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50120140502012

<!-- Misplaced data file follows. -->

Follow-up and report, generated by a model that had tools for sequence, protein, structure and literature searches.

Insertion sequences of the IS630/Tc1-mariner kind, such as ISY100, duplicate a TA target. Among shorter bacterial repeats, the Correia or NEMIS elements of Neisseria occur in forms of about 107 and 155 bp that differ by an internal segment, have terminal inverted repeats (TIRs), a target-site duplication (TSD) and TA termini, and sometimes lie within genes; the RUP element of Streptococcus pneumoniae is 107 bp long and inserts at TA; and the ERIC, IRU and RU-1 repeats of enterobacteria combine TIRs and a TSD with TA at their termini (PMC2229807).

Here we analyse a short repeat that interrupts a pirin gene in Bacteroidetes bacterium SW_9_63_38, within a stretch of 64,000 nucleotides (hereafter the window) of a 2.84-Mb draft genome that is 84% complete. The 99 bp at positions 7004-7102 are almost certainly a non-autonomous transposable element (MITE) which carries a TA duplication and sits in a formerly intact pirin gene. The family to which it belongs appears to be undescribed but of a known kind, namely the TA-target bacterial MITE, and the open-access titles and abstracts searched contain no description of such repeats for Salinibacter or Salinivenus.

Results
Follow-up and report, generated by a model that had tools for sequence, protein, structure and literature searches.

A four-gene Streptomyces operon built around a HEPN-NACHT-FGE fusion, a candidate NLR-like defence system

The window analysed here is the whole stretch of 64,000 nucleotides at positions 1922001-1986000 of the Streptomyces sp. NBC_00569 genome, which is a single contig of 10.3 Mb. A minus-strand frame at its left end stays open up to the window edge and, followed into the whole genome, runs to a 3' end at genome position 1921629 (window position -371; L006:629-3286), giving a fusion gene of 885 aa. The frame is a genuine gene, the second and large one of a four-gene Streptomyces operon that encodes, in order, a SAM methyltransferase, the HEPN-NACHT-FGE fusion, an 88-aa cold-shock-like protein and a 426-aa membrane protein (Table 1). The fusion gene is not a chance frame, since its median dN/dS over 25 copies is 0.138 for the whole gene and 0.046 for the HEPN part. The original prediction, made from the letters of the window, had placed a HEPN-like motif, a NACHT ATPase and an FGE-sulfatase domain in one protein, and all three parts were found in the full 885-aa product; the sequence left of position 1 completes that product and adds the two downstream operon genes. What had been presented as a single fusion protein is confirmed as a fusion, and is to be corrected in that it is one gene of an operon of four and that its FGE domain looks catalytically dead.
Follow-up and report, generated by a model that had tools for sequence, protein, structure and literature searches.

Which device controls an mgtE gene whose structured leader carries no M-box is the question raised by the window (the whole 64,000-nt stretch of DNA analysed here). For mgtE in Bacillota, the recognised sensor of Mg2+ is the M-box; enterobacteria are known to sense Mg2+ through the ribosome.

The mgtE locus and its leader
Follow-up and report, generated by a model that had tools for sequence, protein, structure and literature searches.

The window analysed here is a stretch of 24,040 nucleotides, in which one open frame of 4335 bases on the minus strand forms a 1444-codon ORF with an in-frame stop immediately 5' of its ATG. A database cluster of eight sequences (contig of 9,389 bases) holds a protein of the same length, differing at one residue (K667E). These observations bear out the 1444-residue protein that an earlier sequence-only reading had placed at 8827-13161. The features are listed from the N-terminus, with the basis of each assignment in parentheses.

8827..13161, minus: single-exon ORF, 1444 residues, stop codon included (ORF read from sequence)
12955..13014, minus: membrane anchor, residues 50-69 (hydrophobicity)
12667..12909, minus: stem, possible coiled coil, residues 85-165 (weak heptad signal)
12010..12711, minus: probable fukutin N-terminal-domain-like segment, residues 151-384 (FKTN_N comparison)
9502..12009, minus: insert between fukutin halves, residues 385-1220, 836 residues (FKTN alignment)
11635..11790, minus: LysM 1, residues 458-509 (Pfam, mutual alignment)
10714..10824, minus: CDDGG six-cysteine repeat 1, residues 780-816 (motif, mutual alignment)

1. 1. International Journal of Computer Engineering and Technology (IJCET), ISSN 0976-6367(Print), INTERNATIONAL JOURNAL OF COMPUTER ENGINEERING & ISSN 0976 - 6375(Online), Volume 5, Issue 2, February (2014), pp. 108-116 © IAEME TECHNOLOGY (IJCET) ISSN 0976 – 6367(Print) ISSN 0976 – 6375(Online) Volume 5, Issue 2, February (2014), pp. 108-116 © IAEME: www.iaeme.com/ijcet.asp Journal Impact Factor (2014): 4.4012 (Calculated by GISI) www.jifactor.com IJCET ©IAEME MODELING OF DSDV ROUTING PROTOCOL FOR AD HOC NETWORKS USING EVENT-B Arun Kumar Singh1, Vinod Kumar singh2 1 2 Electronics Engineering Department, IET, UPTU, Lucknow, India Professor, Electronics Engineering Department, IET, UPTU, Lucknow, India ABSTRACT Ad hoc networks are dynamic networks of mobile nodes with wireless network interfaces forming an instant network without fixed topology. Destination-sequenced distance vector (DSDV) is a proactive routing protocol, which continuously maintains the topological information and whenever communication is needed such route information is available immediately. DSDV is a modification of the conventional Bellman-Ford routing algorithm to make it suitable for ad hoc networks. For any routing algorithm route discovery is an important task. In Ad hoc networks, broadcasting is the basic mechanism by which route discovery and propagation of routing is done. Therefore, routing algorithms must be robust and free from erratic behaviors. Hence formal specifications are needed to ensure correctness of routing protocols that are used Ad hoc networks. Formal methods are mathematical techniques which are used to develop software model. Event-B is formal technique that enables user to express the problem at abstract level and then add more details in refinement step to obtain concrete specification. The Event-B model generates proof obligations. For ensuring correctness of the system we need to discharge all proof obligations. With this backdrop, the paper focuses on formalizing protocols for routing in Ad hoc networks by using destination-sequenced distance vector routing. The model ensures bi-directional links and loop free routes in routing packets. Keywords: Formal Methods, Formal Specification, Event-B, DSDV, Ad hoc Networks. 1. INTRODUCTION Ad hoc networks differ significantly from conventional networks in the dynamic topology of interconnections and automatic administration for setting up the network. The topology of the Ad hoc can be arbitrary at any time. With the change of the topology of an Ad hoc network, the nodes in the network have to update their routing information automatically and instantly [1]. 108